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I Feel Pretty

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Whether you enjoy or pass on Amy Schumer’s brand of comedy, she always ends up being talked about. In I Feel Pretty we go in expecting a sort of reverse-Shallow Hal, a girl-power call to loving yourself, but we come out feeling not quite as uplifted as the film intended.

Renee (Schumer) works for cosmetics giant Lily LeClaire, but it’s not the glamourous job you might think: she’s stuck (for some reason) in a dim Chinatown office with an uncommunicative code-writing coworker named Mason. Renee is trying to dial her appearance up a bit: the first few minutes of the film will be painfully familiar to some of us as YouTube beauty fails are as real as Pinterest fails, and Renee is presented as so average (not ugly) that she just doesn’t even register on people’s radar.

During a timid foray into a SoulCycle class, Renee has a cringe-worthy accident and ends up nursing a horrible whack on the head. When she wakes up and looks at herself in the mirror, though, she marvels that she’s become beautiful. This sets up the gags for most of the remaining movie: as Renee skips around town, enjoying her hotness, others are baffled by her semi-lunatic behavior. Her confidence shoots up, and she ends up scoring a job at Lily LeClaire HQ on Fifth Avenue. A boyfriend and a promotion soon follow accordingly, again due to her newly-scored cojones. I don’t have to spell out how things inevitably go downhill from there; the film is fairly unapologetic about being predictable.

First, the good: we’re never told or see what Renee sees, and it’s never explicitly said that she sees herself as thinner (thank God), as opposed to Shallow Hal where pretty = thin is practically the tagline of the movie. Schumer herself has pointed this out in interviews, and it’s true that the whack to the head may have actually resulted in Renee appreciating what she really looked like and forgetting her previous self-doubt.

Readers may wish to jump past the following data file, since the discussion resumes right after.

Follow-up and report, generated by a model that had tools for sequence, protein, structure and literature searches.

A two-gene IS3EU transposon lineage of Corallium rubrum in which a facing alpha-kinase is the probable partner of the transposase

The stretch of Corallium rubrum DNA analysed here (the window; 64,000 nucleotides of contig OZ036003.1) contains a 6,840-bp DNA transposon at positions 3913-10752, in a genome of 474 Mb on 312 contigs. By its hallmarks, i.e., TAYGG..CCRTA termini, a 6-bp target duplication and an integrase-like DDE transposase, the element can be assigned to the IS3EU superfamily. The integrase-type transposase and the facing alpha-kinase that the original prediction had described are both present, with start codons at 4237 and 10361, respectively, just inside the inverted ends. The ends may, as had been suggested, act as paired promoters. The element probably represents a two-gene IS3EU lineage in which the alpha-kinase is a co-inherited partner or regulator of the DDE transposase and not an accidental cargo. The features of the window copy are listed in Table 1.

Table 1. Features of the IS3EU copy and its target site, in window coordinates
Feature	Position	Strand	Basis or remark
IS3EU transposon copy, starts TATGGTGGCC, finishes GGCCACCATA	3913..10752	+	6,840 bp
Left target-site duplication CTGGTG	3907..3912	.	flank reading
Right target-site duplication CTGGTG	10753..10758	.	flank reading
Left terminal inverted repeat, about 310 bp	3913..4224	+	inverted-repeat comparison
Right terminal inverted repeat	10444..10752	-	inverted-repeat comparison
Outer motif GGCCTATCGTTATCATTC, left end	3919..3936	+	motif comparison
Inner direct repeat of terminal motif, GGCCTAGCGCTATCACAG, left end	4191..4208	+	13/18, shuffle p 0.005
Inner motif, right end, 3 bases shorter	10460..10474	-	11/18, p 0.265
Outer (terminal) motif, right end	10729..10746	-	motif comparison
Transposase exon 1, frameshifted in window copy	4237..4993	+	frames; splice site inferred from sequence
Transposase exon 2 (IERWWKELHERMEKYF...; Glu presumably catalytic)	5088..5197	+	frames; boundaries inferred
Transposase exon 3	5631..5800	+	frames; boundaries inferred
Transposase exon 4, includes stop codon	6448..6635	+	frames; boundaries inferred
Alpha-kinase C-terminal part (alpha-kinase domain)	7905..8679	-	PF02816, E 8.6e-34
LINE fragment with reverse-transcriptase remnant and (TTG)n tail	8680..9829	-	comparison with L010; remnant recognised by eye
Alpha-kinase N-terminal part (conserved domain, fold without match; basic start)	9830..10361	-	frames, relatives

The not-so-good: there is a strong obvious message of “Love yourself! You’re beautiful!” from this movie, but unfortunately, it’s viciously undercut by a silent current of loathing toward the beautiful that the writers apparently didn’t catch. Almost every single remotely attractive person in the film is portrayed as shallow, mean, snobbish, elitist, etc. Renee herself becomes incredibly cruel and condescending toward her friends and others during her walk on the beautiful side. While talking to Mallory (Emily Ratajkowski), the One Beautiful Person who had been nothing but friendly and kind to Renee, about Mallory’s recent breakup, Renee can’t be bothered to comfort crying Mallory because she’s too busy spitting out things like “Things like that happen to you? Shut up! I want to punch you right in the face! Do you have all the ribs I have?” Even when Mallory confesses to having painfully low self-esteem, Renee essentially calls her dumb. It was all about Renee and her reactions in that scene, and that reaction is something along the lines of BEAUTIFUL PEOPLE CAN ALL SHUT UP. YOU DON’T HAVE PROBLEMS AND YOU DON’T DESERVE TO HAVE FRAILTIES OR BAD DAYS SO GO WALK A RUNWAY SOMEWHERE, BYE!

Another reoccurring gag that completely negates the theme I Feel Pretty is trying to peddle is the repeated use of Renee’s coworker Mason for comedy: his own weight, social awkwardness, low self-esteem and appearance are pummeled repeatedly as punchlines, and that is never apologized for. It’s an unforgivable choice to make in a movie that keeps insisting that appearances don’t really matter and we should accept ourselves and each other.

I understand where writer/directors Abby Kohn and Marc Silverstein were trying to go with this film, but they oversimplified it, and badly. I walked out feeling very disappointed and not at all uplifted.

I Feel Pretty is streaming now on the following services:
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